Genre and Classification

September 3, 2008 at 1:47 am (Uncategorized) (, , , , , , )

.Genre and classification   French Letters and the English Canon by Mark Daniel  (Timewell Press 2007)

 

Two brilliant works of literature have recently hit the market: Sepik Blu Longpela Muruk and Love on the Run. Both are said to be works of fiction but are they? Do they go to the fiction or non-fiction part of a collection? Should a reviewer give them an artistic or intellectual complexion by naming them among other great roman à clef novels? To help me answer this I have referred to the above excellent work by Mark Daniel.

   Could it be we are dealing with boring didactic novels that are more like those of a roman a these classification? In Sepik Blu… the protagonist is James Ward and in Love on the… we have Temlett Conibeer. Both characters are anything but boring. James, tortured by religious scruples and sexual desires  wants to get a bit but still go to heaven. Temlett is not beyond getting a bit but what he really wants is a wife. In both cases their ends or purposes in life are left in the lap of the gods. Whether they knew it or not both were Aristotelean and Thomistic in their teleological life aspirations and because these aspirations are left somewhat up in the air: James’ flight to heaven is unknown and Temlett does not seem to get a wife, we might think that both tales are ones of hopelessness. However, both James and Temlett are on a life journey and as Stevenson said: “To travel hopefully is a better thing than to arrive…”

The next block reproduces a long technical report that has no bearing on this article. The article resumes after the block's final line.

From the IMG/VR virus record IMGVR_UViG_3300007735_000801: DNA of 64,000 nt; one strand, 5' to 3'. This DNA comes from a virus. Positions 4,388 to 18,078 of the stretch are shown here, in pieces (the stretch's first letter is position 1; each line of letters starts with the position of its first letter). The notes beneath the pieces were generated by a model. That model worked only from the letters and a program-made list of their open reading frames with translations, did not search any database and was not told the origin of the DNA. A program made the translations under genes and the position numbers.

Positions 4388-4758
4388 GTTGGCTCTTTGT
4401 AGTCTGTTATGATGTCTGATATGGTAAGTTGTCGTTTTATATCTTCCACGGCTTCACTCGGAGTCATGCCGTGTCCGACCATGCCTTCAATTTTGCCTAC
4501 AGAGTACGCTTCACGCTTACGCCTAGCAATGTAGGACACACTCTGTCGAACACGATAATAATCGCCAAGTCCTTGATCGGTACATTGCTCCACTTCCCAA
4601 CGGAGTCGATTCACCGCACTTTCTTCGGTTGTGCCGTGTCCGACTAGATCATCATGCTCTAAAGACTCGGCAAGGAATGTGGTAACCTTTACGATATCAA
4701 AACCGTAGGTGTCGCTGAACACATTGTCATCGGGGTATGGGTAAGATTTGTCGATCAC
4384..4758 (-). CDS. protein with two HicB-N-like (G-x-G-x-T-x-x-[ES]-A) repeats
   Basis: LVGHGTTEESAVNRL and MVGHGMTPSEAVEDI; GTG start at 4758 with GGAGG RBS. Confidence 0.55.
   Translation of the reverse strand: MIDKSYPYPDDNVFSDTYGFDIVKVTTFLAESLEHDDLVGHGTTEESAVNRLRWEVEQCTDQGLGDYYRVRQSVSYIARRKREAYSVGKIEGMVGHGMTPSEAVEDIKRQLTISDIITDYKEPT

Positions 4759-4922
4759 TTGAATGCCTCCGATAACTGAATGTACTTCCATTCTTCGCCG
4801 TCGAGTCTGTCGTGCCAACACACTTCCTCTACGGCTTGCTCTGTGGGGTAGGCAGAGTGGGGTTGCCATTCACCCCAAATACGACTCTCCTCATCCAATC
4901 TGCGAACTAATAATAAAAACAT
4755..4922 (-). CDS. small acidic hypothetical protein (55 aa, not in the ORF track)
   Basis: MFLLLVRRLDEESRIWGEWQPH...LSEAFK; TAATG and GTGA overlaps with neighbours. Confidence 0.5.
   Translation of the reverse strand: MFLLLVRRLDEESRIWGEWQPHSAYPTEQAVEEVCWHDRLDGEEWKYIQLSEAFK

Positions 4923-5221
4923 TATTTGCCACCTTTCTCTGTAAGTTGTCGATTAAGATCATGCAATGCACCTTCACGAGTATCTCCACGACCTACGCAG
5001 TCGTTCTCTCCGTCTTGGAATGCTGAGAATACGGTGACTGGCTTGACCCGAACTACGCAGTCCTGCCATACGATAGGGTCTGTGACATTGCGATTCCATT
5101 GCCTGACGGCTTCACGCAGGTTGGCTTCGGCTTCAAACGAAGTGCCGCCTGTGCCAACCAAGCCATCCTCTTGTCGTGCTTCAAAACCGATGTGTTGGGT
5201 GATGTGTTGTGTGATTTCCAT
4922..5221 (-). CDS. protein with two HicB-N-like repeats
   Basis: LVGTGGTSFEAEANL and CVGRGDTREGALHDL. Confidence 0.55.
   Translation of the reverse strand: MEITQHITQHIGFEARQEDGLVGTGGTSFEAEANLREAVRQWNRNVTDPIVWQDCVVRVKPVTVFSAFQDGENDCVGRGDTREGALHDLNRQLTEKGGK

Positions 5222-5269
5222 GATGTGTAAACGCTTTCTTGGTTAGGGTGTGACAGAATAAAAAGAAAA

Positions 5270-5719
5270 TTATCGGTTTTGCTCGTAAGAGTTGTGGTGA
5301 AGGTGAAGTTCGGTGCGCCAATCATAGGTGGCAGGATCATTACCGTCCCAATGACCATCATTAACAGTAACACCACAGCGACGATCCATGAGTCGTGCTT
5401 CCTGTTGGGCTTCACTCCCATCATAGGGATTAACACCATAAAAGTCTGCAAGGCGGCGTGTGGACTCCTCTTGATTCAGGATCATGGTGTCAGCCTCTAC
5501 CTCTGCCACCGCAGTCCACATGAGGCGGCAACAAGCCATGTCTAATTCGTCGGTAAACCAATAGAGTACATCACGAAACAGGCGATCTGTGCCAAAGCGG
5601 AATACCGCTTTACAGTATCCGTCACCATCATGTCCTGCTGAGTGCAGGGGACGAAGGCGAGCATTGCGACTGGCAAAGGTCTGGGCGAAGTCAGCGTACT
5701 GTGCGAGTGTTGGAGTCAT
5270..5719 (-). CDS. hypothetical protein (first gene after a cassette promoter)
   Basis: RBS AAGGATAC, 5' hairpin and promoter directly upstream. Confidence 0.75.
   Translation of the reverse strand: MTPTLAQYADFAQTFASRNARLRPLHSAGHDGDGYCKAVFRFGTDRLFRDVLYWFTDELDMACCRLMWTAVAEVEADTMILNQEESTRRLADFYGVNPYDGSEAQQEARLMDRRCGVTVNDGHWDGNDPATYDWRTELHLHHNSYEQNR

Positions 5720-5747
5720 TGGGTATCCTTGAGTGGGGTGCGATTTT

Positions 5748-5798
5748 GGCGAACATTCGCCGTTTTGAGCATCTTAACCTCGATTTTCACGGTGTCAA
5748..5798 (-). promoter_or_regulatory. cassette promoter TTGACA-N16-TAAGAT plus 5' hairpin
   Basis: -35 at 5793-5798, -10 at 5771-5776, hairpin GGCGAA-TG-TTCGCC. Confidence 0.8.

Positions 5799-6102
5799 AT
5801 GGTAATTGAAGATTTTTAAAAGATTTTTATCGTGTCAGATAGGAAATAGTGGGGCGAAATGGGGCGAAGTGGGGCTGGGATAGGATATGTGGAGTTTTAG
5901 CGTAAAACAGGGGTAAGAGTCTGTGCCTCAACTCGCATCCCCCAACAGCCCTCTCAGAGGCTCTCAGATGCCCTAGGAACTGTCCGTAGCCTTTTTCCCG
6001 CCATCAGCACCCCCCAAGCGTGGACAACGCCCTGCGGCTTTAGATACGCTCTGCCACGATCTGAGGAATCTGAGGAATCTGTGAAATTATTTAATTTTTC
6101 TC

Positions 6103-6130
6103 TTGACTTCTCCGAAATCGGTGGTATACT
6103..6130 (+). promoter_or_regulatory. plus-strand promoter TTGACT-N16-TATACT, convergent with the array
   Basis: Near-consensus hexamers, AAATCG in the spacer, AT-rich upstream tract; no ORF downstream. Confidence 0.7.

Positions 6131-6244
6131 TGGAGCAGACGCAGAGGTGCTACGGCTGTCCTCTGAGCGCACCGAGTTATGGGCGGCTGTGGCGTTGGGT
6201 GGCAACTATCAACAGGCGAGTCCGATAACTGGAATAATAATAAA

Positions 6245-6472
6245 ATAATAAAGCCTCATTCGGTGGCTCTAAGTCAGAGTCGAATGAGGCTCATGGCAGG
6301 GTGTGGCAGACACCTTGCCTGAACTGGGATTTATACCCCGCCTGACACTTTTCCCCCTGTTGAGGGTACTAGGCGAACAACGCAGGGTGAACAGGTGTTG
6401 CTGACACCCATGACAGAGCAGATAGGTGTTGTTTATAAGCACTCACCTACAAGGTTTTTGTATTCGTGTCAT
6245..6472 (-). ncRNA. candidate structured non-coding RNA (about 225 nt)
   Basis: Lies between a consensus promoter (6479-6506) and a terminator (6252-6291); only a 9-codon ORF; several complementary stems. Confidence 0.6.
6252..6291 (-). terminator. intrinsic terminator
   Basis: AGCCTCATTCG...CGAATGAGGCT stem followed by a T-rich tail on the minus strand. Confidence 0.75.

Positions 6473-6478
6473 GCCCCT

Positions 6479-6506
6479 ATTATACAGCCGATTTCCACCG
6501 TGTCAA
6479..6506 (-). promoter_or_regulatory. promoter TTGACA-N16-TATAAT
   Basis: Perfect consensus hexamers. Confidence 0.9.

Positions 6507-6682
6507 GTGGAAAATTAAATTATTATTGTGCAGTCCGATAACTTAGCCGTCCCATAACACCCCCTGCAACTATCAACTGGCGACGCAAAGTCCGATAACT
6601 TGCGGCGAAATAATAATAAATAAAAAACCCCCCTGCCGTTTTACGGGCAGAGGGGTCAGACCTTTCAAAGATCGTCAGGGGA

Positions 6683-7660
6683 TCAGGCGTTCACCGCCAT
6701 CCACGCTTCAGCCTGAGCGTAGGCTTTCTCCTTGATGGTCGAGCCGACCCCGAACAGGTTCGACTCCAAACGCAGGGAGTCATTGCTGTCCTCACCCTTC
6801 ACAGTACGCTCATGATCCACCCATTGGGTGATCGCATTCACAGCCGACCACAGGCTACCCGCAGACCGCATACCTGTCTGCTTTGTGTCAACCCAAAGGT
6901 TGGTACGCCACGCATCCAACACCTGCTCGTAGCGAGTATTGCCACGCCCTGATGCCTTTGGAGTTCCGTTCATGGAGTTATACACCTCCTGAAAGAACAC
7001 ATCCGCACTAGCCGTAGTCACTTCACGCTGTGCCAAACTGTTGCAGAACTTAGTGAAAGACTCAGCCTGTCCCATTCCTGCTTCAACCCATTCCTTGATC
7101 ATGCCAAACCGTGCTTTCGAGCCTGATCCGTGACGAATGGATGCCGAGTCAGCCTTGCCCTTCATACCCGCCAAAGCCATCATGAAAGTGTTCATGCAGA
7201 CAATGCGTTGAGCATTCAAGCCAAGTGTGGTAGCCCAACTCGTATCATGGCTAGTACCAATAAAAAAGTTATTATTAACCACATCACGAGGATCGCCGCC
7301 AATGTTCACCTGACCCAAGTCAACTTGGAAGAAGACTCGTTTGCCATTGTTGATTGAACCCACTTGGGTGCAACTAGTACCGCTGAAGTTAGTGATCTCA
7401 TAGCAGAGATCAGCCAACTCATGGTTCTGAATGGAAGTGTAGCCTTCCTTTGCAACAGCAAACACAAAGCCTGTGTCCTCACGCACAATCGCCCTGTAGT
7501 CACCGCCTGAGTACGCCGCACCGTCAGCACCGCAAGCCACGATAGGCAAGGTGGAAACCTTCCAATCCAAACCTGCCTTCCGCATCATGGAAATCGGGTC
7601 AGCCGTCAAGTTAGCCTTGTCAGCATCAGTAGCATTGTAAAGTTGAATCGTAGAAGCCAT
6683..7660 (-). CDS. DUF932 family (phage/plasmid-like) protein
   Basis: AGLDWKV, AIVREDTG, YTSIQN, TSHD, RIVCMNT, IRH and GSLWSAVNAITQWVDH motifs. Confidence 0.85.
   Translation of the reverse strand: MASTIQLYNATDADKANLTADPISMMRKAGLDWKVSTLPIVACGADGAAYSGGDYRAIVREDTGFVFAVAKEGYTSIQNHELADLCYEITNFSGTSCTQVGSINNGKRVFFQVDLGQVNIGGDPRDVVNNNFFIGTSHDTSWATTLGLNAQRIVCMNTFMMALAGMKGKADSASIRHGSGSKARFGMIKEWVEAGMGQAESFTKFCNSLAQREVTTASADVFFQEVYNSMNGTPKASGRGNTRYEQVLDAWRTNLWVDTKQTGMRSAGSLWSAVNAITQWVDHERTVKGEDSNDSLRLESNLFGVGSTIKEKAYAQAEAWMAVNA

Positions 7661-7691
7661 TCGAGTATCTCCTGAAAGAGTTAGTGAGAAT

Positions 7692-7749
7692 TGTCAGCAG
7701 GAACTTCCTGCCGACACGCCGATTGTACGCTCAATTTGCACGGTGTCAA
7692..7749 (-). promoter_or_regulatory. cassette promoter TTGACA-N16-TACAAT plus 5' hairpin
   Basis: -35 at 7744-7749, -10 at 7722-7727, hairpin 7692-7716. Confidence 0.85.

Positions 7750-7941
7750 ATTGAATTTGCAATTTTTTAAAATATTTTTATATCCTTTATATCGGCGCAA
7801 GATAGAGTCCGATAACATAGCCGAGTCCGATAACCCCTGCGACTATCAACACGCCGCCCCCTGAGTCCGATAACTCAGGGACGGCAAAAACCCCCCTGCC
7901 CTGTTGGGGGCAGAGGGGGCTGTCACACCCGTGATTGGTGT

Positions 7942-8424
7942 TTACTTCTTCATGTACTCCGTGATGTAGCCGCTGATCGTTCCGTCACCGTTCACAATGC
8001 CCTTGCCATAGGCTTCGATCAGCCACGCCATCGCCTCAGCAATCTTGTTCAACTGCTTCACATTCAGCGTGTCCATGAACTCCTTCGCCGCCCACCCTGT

Love on the Run has something of a roman fleuve about it but it’s not really about a family. The same applies to Sepik Blu Longpela Muruk. Both books are certainly not of the roman policier  variety. So back we are left with the old roman à clef.

   The PNG setting of both books adds to their exotic flavour.

   Whatever you might think of these books and of James Ward and Temlett Conibeer and it is probably all French to you, anyhow. I only hope, if they are real, that in their life activities they always practised safe sex and used a French Letter or several. Maybe on second thoughts it’s all Greek to you!

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1 Comment

  1. deberigny said,

    “The good ended happily, and the bad unhappily, That is what Fiction means.”
    Oscar Wilde

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